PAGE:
Trans Mongolia Express


May 9

1:20pm Beijing time, just saw KP 305 moving past the window of our compartment in coach 9 / berth 5 of train K3 to Irkutsk.. (KP: Kilometer Post).

This means that we finally made it: we're travelling the Trans Mongolia Express and are currently between Beijing and Ulaan Baatar! Some hours back, withdrawn with my morning coffee in a silent corner, this fact made me a bit emotional. Watching the Chinese mountain ranges go by, taking in the mighty freight trains, realizing I am now part of the thing I have been dreaming of for quite some years now!
Pete sits across on berth 6 and has a grin on his face that probably will last a bit longer. He too is enjoying to the max..

Let's see how the day started...
..finally..!!! Locomotive from Beijing to Datong Emblem of China

Got up at 5:30am. Checking out of the hotel was (yet again) not without difficulties but what else would we expect... We could not believe our ears when the "robot" behind the desk asked US how much we had paid for the four nights... Apparently their system did not indicate IF and HOW MUCH we have paid. We gave her a figure that seemed appropriate and we are curious to see if this figure will actually show up on the monthly creditcard-overview. Great, this determine-your-own-price hotel concept!

Taxi to the station, no bother to lug the packs thru rush hour. Ten yuan later we were at Beijing Central Railway station. Security check (Chinese adore these security checks...), coffee, breakfast and released on our platform at 7:30. While I lugged all our stuff in our compartment, cameraman Pete had the holy mission to make as many photos of our train. Since he is totally specialized and interested in the carriages it turned out to be a very detailed overview. by nature and profession I am more interested in the motive power, and Pete did not forget to "cover" the locomotive as well.

The Trans Mongolia Express leaves Beijing as train #3 on Wednesday, covers the 7622 kilometer to Moscow in 121 hours to arrive there on monday. The train returns on tuesday as train #4 to Beijing.

    Train composition:
  • (electric) locomotive: class SS3 (ShaoShan), number 6039
  • carriages: all 15 Chinese, of which 10 all the way to Moscow
  • The Chinese dining car will join till the Chinese/Mongolian border: each country supplies its own dining car.

Our carriage (ID-number RW19-551977) is a "soft-sleeper de luxe", meaning:
8 2-berth compartments, shared shower between each two compartments.

Aisle Our "room" for the next 40 hours.. timetable trains 3 and 4 bathroom-en-suite

In the aisle, next to the carriage attendant, you will find the coal-fired samovar. This device is your source for hot water, basis for tea, coffee, instant meals (and cleaning activities as long as the boiler is on the blink...). Each car extremity has one toilet, which was clean and spacy.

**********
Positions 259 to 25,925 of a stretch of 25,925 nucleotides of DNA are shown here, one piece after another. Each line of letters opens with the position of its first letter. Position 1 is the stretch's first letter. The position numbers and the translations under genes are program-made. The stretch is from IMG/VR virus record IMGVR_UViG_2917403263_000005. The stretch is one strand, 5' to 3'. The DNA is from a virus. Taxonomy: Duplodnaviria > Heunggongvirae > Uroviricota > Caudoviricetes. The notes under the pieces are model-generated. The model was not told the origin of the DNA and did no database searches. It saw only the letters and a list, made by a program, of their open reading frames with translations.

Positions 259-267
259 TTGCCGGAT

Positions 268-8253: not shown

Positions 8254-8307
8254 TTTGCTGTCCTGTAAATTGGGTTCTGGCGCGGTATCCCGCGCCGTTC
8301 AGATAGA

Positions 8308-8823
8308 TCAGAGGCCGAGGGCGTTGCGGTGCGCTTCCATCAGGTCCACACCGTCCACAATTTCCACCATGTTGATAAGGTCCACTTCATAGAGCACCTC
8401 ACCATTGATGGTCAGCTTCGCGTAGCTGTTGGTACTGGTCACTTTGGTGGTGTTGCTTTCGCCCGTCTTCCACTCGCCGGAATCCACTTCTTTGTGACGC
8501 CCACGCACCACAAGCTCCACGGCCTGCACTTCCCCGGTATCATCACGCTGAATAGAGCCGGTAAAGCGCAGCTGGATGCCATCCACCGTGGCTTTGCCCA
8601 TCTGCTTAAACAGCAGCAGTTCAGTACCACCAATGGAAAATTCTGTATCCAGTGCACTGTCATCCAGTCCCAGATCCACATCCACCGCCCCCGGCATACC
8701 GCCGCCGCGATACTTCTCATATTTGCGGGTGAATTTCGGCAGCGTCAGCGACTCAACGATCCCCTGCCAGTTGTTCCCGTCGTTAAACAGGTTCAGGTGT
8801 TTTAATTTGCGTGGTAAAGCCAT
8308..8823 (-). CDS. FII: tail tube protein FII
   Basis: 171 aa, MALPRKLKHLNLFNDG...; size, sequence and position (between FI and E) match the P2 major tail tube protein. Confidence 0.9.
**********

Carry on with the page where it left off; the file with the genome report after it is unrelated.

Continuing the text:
Our compartment (number III) has two stacked beds. The top one is folded up during the day in order to turn the lower bed into a spacious couch. A table under the window and a decent chair against the other wall. Luggage is stored under the bank/bed. A door leads into the bathroom, which is shared with compartment IV. Since that one was not occupied we had the bathroom all to ourselves!
No airco but a well-sized fan. Lack of airco is good news for us: the windows can slide down, making pics much easier.

Lunch- and dinner vouchers Yummie! Chinese !! Adapt powerplugs to our standard

Two carriages down the train is the buffet car where we had to be on the dot (11am) for lunch. First surprise: this first lunch was complimentary. Basic but tasty and fresh food. We shared the table with our Belgian neighbors who resided in compartment V. It was special to share lunch with linguistic fellowmen about 9000 km from home..

Travel like we appreciate. Relaxed, talk a bit, wander around the train a bit, looking outside a bit. Talking about observing: we are now over 300 km north of Beijing and the landscape changes drastically. A few hours ago still in the mountains, now flat and getting more and more dusty. We are approaching de Gobi desert...

First stop: 380 kilometers and 6 hours away from Beijing is Datong. Our electric locomotive is replaced by diesel locomotive DF4d-3102. The electric overhead wire will end soon. No difference for driving: characteristics for both kinds of traction are more or less the same in China.
Something else that occurs to us: the rapidly expanding High Speed Train - network. More and more we see our familiar German ICE-lookalikes dashing through the landscape, attaining even higher speeds than we are used to.

Bogie change in Erlian Ultimate China photo:
frontier at Erlian

Beijing and Erlian are 824 kilometer apart, we covered half that distance in 7 hours. The stop in Erlian is going to last at least 3 hours since the bogies are going to be changed; China uses standard 1435 mm-gauge while Mongolia uses Russian gauge (1520 mm). The bogie-change operation takes place in a shed north of Erlian station. Passengers have two options:
1) Get off the train at Erlian and wait till the train will be shunted back after the bogie-change operation.
2) Stay in the train and witness the bogie-change operation. Only drawback is the toilets will be closed while in the shed, and you are NOT allowed to leave the carriage...


Enough talking for now. We are going to see through our window, you can join us if you like...








May 10

Sleeping was a bit of hardship because the matress is thin. But since we were tired enough we managed to doze off and recharge. It is quite an experience to draw back the curtains and see nothing else than sand-shaped emptyness... A bit of shrubbery left and right, but not a single tree in sight. The only constant is the ever-present railway-owned auxiliary threephase-powerline parallel to the single track.

In Erlian the Chinese buffet car was replaced with a Mongolian one. The Mongolian car has a very rustic wooden interior and very exclusive prices. Pete lay down 8 euro for a glass of orange juice, four slices of bread, some butter and marmelade and an omelet. Bit stiff but the quality of the food was OK.

Wake up in the Gobi desert ...big smile... 8 euro breakfast our combined wardrobe/larder

A brief stop in Choyr enabled us to stretch our legs and Pete to cover the obligatory fotoshoot of front and back of our train. The stop was only 12 minutes so Pete had to leg for it. Our car-attendant got nervous 5 minutes prior to departure time because Pete was still on the move. No worries, he will board anywhere and come back to our carriage. It was a set deal since Beijing: Pete's photos are superior since he has the skills of a pro (besides a professional camera) while my writing is better. It seems we have the ultimate combination between the two of us. About 80% of the pics on this weblog are Pete's; the ones starting with N or C are his...